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    » 03/22/2007, 00.00

    VATICAN

    Doctors must never look down on a human life, however disabled it may be, says Pope



    In a speech to members of the Pontifical Council for Health Pastoral Care, Benedict XVI says man’s right to be treated throughout his life stems from his inherent dignity as a human being. Christian health care workers must add the “Charity” that Jesus showed to this principle.

    Vatican City (AsiaNews) – Doctors and nurses “must never look down on any human life, however disabled, and must always know how to encourage treatment” for everyone for as long as they live. Indeed, for Benedict XVI “respect and trust in health care workers is proportionate to the certainty one has that these defenders of life” will follow such a principle.

    Once more the Pope expressed his opposition to euthanasia in a talk he gave in the Vatican to the participants to the plenary session of the Pontifical Council for Health Pastoral Care.

    In it he stressed that each human being has a “fundamental right” to treatment and maintained that every Christian health care worker must add to the ethical principles of his or her profession the “Charity” that Jesus showed to people who were suffering.

    In line with the principle of following Christ or “sequela Christi,” whom the Gospels present as a “divine doctor”, Benedict XVI reiteirated “the biblical perspective that values the natural ethical principle whereby the sick must be treated on the basis that each human life must be defended according to the particular difficulties it faces and the concrete means of treatment available.”

    This ethical perspective, which is based on the dignity of the human person and the rights and duties that that it entails, “is confirmed and developed by the love commandment, which is at the heart of the Christian message.”

    Christian health care workers must therefore be well aware that there is a very tight and indissoluble link between the quality of the service they provide and the virtues of charity to which Christ calls them. It is in doing one’s job well that they bear witness to God’s love. “Charity as a duty of the Church was part of my encyclical Deus charita est,” said the Pope, “and has a particularly significant application in the care of the sick. The history of the Church bears witness to this with innumerable cases of men and women [. . .] who have worked in this field."

    Benedict XVI completed his talk by mentioning the recently published Post-Synodal Apostolic Exhortation Sacramentum Caritatis on the Eucharist from which the health care ministry can draw “the strength to help man effectively and promote him in accordance with his dignity.”

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    See also

    03/12/2009 VATICAN
    Pope: in today's world the Christian presence alongside those who suffer is needed more than ever
    In his message for the XVIII World Day of the Sick, Benedict XVI recalls that all Christians are called to follow the example of Jesus who "had compassion” for the Samaritan and “took care of him. " In the Year for Priests an invitation to all clergy to be particularly close to those who are sick.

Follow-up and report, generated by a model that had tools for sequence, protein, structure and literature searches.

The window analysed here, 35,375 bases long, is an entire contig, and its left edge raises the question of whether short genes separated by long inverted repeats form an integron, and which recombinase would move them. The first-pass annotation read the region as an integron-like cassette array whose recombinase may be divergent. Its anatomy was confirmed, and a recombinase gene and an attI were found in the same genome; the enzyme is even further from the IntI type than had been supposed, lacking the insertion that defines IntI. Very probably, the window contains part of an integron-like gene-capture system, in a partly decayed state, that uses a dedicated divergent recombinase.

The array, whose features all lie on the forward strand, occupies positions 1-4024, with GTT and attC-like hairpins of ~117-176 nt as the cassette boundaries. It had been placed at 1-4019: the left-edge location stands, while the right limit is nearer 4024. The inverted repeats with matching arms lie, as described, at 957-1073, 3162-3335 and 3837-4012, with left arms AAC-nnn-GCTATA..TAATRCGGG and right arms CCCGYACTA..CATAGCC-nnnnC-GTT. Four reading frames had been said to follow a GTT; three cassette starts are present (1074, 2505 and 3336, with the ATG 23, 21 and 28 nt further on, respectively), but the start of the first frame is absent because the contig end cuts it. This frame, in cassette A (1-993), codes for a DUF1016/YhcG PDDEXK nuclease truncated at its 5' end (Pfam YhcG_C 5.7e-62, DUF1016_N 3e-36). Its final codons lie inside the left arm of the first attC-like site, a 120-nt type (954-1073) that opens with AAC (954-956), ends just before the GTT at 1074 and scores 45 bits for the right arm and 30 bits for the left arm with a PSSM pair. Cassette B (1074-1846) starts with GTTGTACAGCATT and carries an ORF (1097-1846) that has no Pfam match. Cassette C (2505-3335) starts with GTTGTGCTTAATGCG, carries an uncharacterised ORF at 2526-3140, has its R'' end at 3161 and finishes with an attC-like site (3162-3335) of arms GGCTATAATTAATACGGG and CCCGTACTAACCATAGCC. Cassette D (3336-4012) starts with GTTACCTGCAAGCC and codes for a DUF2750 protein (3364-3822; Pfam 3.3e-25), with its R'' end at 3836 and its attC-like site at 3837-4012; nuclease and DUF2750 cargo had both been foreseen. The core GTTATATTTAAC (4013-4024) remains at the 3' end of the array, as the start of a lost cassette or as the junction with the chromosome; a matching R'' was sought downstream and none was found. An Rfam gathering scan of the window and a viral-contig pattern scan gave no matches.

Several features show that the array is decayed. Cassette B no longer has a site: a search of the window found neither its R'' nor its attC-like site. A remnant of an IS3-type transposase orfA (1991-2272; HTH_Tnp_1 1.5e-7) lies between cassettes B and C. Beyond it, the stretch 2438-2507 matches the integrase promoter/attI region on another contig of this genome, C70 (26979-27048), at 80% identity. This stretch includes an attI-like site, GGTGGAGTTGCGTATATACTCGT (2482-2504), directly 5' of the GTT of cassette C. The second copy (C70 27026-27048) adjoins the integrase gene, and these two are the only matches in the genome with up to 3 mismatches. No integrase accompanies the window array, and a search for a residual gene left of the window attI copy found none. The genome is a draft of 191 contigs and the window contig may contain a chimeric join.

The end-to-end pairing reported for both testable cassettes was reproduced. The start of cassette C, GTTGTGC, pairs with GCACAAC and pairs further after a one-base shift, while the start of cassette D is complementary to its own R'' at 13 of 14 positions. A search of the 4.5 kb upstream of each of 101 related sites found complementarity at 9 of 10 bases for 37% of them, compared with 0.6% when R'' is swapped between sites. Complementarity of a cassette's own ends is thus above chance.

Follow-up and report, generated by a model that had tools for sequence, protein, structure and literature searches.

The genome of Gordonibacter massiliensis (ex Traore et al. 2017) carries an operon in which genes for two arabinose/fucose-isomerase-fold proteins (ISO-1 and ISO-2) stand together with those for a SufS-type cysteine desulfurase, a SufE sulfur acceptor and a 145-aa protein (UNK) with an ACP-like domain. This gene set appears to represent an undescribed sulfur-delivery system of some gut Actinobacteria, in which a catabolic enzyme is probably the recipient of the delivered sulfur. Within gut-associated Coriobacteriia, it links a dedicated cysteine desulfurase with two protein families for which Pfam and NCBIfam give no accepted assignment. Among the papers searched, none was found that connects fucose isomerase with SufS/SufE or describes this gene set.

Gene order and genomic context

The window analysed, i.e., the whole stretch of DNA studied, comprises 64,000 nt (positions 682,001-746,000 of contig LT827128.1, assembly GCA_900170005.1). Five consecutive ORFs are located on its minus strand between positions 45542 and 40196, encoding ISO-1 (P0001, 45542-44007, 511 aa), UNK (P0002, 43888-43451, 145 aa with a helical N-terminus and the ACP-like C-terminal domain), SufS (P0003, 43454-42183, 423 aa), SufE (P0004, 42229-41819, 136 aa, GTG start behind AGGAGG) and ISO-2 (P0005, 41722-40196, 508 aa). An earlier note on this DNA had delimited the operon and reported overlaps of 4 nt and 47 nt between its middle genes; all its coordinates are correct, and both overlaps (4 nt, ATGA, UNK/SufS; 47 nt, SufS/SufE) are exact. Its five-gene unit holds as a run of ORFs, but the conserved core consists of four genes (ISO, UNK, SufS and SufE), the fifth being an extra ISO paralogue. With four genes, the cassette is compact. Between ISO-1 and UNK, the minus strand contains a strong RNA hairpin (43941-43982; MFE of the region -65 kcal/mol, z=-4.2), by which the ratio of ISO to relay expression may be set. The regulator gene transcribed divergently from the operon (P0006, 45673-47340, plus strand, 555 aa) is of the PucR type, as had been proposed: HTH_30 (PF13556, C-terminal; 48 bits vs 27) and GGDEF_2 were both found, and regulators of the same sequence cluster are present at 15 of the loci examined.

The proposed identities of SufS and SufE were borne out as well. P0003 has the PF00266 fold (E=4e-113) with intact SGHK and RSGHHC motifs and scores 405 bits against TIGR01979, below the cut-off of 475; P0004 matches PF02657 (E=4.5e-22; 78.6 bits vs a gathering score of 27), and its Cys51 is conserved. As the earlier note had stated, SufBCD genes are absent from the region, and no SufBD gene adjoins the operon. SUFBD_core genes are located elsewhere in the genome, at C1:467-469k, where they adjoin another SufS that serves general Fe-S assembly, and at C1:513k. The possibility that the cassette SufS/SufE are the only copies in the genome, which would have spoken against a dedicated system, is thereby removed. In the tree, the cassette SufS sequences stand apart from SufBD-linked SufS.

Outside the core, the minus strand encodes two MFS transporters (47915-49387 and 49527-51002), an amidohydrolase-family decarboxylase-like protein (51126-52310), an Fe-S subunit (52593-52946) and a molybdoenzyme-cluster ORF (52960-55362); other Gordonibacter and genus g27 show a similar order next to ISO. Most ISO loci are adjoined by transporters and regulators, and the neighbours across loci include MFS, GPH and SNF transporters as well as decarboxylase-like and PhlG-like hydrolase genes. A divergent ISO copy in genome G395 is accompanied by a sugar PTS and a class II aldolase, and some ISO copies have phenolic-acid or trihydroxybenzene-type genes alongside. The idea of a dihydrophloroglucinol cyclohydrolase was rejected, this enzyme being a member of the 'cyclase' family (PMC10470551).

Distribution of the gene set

13/11/2012 VATICAN
    Catholic hospitals are "privileged places for evangelisation," in the First World as well
    The International Conference of the Pontifical Council for Health Care Workers was presented today, with participants expected from 60 countries from around the world. Although they operate in different contexts, Catholic hospitals are structured in a similar fashion and are united by the same patient-healthcare worker relationship, affiliation with the universal Church and the necessity to adhere to its principles and teachings.

    11/11/2008 VATICAN
    A conference at the Vatican on how to accompany sick children
    More than four million children have died of AIDS, and six million have been left crippled by war. Cardinal Barragan reiterates the Church's "no" to embryonic stem cell research, which "so far is of no use, and has not cured anyone."

    07/01/2011 VATICAN – TAIWAN
    Two Taiwanese appointed to the Pontifical Council for Health Pastoral Care
    Mgr Peter Liu and Dr Tsou Kuo-inn are the only two Asians in a group of 29 consultants appointed last Wednesday. Mgr Liu has been archbishop of Kaohsiung for less than two years. Dr Tsou is an expert in paediatrics.

    15/05/2006 VATICAN
    Dialogue with Islam with reciprocity and respect for one's identity as its basis, says the Pope
    Benedict XVI speaks about this issue at the plenary assembly of the Pontifical Council for the Pastoral Care of Migrants and Itinerant People. Father Borrmans talks about the situation of Christians in Muslim countries.



    Editor's choices

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    Global Times: the pope should accept the independence of the Chinese Church



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    INDIA – PHILIPPINES
    Archbishop of Guwahati: In Asia religion is not dying, the faithful take strength from the Eucharist



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